Giveaway night: Reds commit four errors
The Reds lead disappeared in the seventh inning at 100 mph.
Cincinnati became unglued in Game 2 of the NL division series against the Philadelphia Phillies — with Aroldis Chapman on the mound. The rookie was called upon to preserve a one-run lead with his triple-digit fastball and send the Reds back to Cincinnati with the best-of-five series tied.
Instead, they go back trying to stave off elimination.
Right fielder Jay Bruce missed a catchable line drive that led to the Phillies scoring the go-ahead runs in the seventh inning and rallying to beat the Reds 7-4 on Friday night.
"It was the lights," Bruce said. "I know they’re exceptionally bright. Other than that, I’ve never had another ball get lost in them. They’re great lights as long as the ball’s not in them."
Bruce made the biggest miscue in a game stocked with them — six errors combined — but he wasn’t alone in the fielding follies. Chapman hit a batter, second baseman Brandon Phillips botched a relay throw and third baseman Scott Rolen got caught in a thorny fielding play that showed this Reds machine needs a tune-up.
The Phillies fans serenaded Bruce with singsong chants of "Thank you, Jay Bruce!" They stood and gave him mock cheers when he had a putout in the eighth.
Reds fans had different phrases in mind.
Bruce accepted full responsibility for the lapse and was the first Red in the locker room to answer questions.
"It’s embarrassing. I take a lot of pride in my defense," Bruce said.
It was that bad of a late-game breakdown that saw the lead crumble faster than Chapman’s fastball.
Chapman, the 22-year-old Cuban lefty, couldn’t help the Reds with his 100 mph heater. He grazed Chase Utley with a pitch to open the inning, though replays were unclear if the ball actually hit the Phillies star.
He recovered to fan Ryan Howard on three swings — fastballs at 100-99-101 mph.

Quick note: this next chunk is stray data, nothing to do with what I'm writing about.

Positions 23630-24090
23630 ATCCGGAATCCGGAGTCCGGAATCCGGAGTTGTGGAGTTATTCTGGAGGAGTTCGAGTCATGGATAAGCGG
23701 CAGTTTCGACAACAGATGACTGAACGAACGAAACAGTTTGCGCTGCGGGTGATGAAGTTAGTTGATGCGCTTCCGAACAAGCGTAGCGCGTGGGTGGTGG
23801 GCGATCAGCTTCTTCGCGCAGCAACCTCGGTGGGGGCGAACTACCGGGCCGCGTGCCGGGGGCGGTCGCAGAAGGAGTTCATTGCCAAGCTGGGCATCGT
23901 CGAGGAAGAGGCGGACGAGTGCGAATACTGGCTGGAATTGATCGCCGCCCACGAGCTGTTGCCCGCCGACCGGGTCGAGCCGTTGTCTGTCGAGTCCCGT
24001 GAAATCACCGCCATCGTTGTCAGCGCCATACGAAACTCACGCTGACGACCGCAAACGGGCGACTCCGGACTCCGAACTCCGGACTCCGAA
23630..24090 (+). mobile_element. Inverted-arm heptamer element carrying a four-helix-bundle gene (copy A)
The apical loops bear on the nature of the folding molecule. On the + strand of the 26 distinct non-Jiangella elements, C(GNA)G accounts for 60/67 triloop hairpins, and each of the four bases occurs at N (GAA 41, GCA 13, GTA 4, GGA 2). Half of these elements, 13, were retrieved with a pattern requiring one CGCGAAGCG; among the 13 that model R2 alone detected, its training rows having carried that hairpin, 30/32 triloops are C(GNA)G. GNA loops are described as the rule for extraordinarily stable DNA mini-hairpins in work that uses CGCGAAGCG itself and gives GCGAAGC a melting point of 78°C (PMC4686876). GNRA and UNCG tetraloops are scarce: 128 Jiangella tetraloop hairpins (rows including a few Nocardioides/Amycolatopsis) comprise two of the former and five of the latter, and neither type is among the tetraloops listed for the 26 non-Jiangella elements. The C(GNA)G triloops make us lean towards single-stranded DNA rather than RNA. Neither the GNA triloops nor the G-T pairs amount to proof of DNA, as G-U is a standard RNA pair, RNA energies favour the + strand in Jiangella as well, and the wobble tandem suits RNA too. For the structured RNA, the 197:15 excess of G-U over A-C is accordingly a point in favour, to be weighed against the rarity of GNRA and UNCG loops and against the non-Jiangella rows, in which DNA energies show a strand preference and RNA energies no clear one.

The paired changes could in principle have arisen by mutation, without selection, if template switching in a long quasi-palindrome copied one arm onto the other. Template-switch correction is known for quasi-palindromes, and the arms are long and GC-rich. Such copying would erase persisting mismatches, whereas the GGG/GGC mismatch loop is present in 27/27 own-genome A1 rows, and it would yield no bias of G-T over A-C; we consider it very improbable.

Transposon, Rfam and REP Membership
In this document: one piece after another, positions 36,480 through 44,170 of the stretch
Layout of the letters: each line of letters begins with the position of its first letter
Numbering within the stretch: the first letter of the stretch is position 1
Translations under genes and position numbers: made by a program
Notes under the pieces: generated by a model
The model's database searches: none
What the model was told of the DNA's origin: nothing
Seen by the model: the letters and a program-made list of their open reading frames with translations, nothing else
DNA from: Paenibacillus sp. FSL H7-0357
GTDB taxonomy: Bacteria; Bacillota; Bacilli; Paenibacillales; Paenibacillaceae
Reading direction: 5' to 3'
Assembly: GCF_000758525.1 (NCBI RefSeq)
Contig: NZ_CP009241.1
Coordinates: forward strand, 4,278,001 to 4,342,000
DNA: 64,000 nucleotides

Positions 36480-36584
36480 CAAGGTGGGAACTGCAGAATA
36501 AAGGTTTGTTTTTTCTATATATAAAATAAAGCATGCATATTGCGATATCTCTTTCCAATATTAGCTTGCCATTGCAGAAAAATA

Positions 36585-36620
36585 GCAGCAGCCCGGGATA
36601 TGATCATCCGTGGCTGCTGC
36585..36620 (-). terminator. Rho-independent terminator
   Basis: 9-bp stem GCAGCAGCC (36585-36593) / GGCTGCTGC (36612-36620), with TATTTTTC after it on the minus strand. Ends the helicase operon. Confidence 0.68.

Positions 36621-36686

At that point, the Phillies only had one more hit against the Reds (4) than times hit-by-pitch (3).
Then the gaffes piled up.
Jayson Werth hit a tough, in-between hop to Rolen that the seven-time third baseman threw to second instead of taking the easy out at first. His gamble backfired as Utley was called safe on a close call and Reds manager Dusty Baker came out for a brief argument.
Jimmy Rollins hit the first 100 mph pitch he saw right at Bruce. Bruce said he lost the ball in the lights — not the backdrop of 40,000 fans waving white rally towels — and the ball sailed past his glove hand. Utley scored the tying run and Werth busted home, too, when Phillips dropped the relay throw for an error.
Bruce was the late-season hero after his ninth inning homer brought Cincinnati its first NL Central title since 1995 with a 3-2 win over the Houston Astros on Sept. 28.
The Reds finished second in the NL with a club-record .988 fielding percentage. But they committed two errors in the seventh, and Rolen and Phillips each made errors in the fifth.
More signs of what a complete defensive breakdown the game was: Phillips made only three errors all season.
Chapman took the loss while the pitcher he called his hero growing up in Cuba, Jose Contreras, earned the win.
Notes: Polanco returned to the lineup after missing the opener with a sore back. … Phillips had never hit a leadoff homer. … The Phillies have sold out 133 straight games, including the playoffs. … Rollins batted sixth and Victorino led off. It was the first time in 34 career playoff games that Rollins didn’t bat first. … Reds SS Orlando Cabrera left after four innings. He aggravated his left side turning a double play.